Seymour De Ricci’s and Henrietta Bartlett’s The Book Collector’s Guide: A Practical Handbook of British and American Bibliography (1921) is much more than a forgotten price guide. The timing of publication and bibliographic expertise provide an insider’s view of the Golden Age of American book collecting--then arguably at its peak--when opportunities were abundant and mighty collectors rose to the occasion. It was a transitory age, too, and reflects in retrospect the coming shift from old paths to new paths in collecting that would take hold in the 1930s. The story of the book’s birth is also quite a tale with the polymath bookman Seymour de Ricci at the helm and Henrietta Bartlett as his brilliant, but generally unrecognized co-author.
The book itself is a stout octavo of 649 pages printed by the Torch Press of Cedar Rapids, Iowa, for the Rosenbach Company of Philadelphia in two issues: the deluxe version on Japan paper in a mustard cloth binding numbered 1-100, and 1,000 numbered copies on regular paper in a less sturdy green cloth. Copies of the deluxe issue have survived nicely over time while the trade issue is usually found with heavily acidic paper and cracked hinges. Neither came cheap upon publication. The deluxe issue price was $40 (roughly $488 in 2016 dollars) and the trade issue $10 ($122 in 2016). I have a copy of the original prospectus issued by Rosenbach and two variant promotional pamphlets from Maggs Bros., London, representing the marketing push in the UK.
De Ricci writes in the preface that this book was designed to be an updated version of the fundamental bibliographic guide by William Lowndes / Henry Bohn titled The Bibliographer’s Manual published a half century before. Although The Bibliographer’s Manual is a “remarkable production” it had become “desperately antiquated” according to De Ricci.
He explains, “The present book should—if it really does serve its purpose—prove a useful guide. . . furnishing the collector with a certain amount of indispensable information and telling him, in almost every case, where he may obtain a more minute knowledge of the same subjects.”
“In this new Book Collector’s Guide are described, in the alphabetical order of the authors, the two or three thousand British and American books which fashion has decided are the most desirable for the up-to-date collector. . . I have sought to list, with a certain amount of completeness, the first editions of the chief works and in many cases of all the works of the greater British and American authors from Chaucer to Swinburne . . . it incorporates the substance of all the latest monographs on each individual author and in several instances will supply the only conveniently accessible list of an author’s first editions. . .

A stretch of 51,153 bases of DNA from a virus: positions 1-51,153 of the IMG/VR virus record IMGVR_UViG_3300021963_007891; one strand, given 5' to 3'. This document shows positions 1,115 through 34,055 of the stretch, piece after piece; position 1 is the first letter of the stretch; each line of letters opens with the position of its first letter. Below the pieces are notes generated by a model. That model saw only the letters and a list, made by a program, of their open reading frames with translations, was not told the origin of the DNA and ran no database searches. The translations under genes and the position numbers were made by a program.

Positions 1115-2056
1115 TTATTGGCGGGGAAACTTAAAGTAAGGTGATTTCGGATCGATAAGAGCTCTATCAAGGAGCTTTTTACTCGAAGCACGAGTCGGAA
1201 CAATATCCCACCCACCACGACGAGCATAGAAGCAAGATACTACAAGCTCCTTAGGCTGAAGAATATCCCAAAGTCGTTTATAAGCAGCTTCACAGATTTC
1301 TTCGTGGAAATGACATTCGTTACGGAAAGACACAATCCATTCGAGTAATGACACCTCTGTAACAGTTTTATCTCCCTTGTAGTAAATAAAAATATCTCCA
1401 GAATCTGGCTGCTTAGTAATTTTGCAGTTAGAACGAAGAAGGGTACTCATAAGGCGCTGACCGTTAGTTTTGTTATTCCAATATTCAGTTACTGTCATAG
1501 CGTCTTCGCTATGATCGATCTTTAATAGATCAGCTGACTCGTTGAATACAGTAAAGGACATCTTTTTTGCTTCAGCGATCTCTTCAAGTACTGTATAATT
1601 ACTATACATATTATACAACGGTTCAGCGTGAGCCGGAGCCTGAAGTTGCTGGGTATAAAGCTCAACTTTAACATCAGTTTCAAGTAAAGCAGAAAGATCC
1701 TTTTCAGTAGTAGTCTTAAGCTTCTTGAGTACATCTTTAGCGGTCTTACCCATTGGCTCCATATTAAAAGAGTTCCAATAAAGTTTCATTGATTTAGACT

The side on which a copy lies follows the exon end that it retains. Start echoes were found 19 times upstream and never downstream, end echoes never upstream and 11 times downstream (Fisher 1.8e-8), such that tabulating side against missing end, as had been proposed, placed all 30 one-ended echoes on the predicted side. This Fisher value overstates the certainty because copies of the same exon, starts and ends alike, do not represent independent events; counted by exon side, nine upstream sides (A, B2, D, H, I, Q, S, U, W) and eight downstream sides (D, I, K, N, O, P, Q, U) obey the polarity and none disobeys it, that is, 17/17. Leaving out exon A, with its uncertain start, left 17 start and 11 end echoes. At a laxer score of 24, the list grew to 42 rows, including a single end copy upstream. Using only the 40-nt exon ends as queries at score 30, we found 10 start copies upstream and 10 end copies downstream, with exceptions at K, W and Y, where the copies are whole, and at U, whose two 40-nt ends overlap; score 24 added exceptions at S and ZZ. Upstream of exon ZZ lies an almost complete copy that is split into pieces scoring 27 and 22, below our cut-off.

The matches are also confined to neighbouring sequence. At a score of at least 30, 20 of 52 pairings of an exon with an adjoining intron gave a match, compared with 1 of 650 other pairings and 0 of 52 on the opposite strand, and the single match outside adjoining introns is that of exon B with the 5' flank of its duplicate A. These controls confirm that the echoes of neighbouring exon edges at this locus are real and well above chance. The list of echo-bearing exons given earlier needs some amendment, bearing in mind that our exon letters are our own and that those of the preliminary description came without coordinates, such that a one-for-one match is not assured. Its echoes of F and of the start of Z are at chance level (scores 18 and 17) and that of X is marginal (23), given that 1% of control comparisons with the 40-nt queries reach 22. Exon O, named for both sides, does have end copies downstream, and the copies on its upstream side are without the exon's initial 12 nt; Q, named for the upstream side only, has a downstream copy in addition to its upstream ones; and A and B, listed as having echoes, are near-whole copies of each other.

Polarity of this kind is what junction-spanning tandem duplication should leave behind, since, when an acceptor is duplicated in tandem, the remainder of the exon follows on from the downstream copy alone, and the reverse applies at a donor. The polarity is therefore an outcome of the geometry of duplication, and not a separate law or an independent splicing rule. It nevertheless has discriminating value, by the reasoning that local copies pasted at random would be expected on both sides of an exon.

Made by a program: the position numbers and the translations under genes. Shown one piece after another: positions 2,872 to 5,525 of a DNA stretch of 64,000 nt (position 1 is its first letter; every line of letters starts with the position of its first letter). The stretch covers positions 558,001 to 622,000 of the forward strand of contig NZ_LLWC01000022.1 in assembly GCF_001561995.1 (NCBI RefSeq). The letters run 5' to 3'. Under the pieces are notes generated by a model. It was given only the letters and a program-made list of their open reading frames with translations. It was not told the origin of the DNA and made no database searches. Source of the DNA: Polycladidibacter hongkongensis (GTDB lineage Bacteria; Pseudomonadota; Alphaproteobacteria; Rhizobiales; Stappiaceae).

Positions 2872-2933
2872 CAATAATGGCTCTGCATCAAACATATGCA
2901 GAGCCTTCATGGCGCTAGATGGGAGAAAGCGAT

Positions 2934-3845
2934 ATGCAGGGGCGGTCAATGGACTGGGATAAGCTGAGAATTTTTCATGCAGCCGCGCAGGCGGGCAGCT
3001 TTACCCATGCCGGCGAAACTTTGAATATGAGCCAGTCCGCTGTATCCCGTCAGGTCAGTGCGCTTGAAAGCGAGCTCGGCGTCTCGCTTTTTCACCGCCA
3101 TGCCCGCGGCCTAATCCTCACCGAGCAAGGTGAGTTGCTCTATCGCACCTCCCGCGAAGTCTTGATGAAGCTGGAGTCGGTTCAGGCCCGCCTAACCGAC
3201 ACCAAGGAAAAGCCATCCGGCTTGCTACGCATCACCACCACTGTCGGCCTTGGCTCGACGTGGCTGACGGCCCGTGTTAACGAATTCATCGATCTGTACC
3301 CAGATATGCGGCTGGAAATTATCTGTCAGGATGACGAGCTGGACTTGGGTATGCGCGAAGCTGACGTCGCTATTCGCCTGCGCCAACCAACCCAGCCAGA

“With a view to the great attention paid by modern collectors to English dramatic literature, I have endeavoured to be fairly complete in this direction and have included the first editions . . . of practically all English plays of the sixteenth and seventeenth centuries. . . For English books before 1600, those of which are chiefly of typographical interest, have, in spite of their rarity and market value, been very sparingly included. . . For many of the more prolific authors of the seventeenth, eighteenth, and nineteenth centuries, lack of space has compelled me to give but a selection of their works . . .”
De Ricci goes on to explain that he has been “extremely exclusive” for modern writers and only included minimum information on the likes of Andrew Lang, George Moore, Bret Harte, and Mark Twain. “Shall I add that such first editions, although already collected with much ardour, are not yet all real collectors’ books, stricto sensu: their market value, for instance, is still, in most cases extremely indefinite.”
Illustrated books are highlighted because they “have always appealed to collectors of every country” and the rise of William Blake as an object of collecting is not overlooked, “Blake has been, with the kind assistance of Dr. Geoffrey Keynes, as fully listed as space permitted.” Likewise, “Americana has received special attention and a number of valuable items have been entered, more with a view towards selective illustration than towards absolute completeness. . . The bulk of the other books included in this Guide consists of the numerous standard works ‘no gentleman’s library should be without,’ sets, series, and single items consecrated by two centuries of fashion, found in all great British and American libraries and covering a variety of volumes from the stately county histories to the earliest Bradshaw, and Gould’s or Audubon’s ponderous ornithological folios.”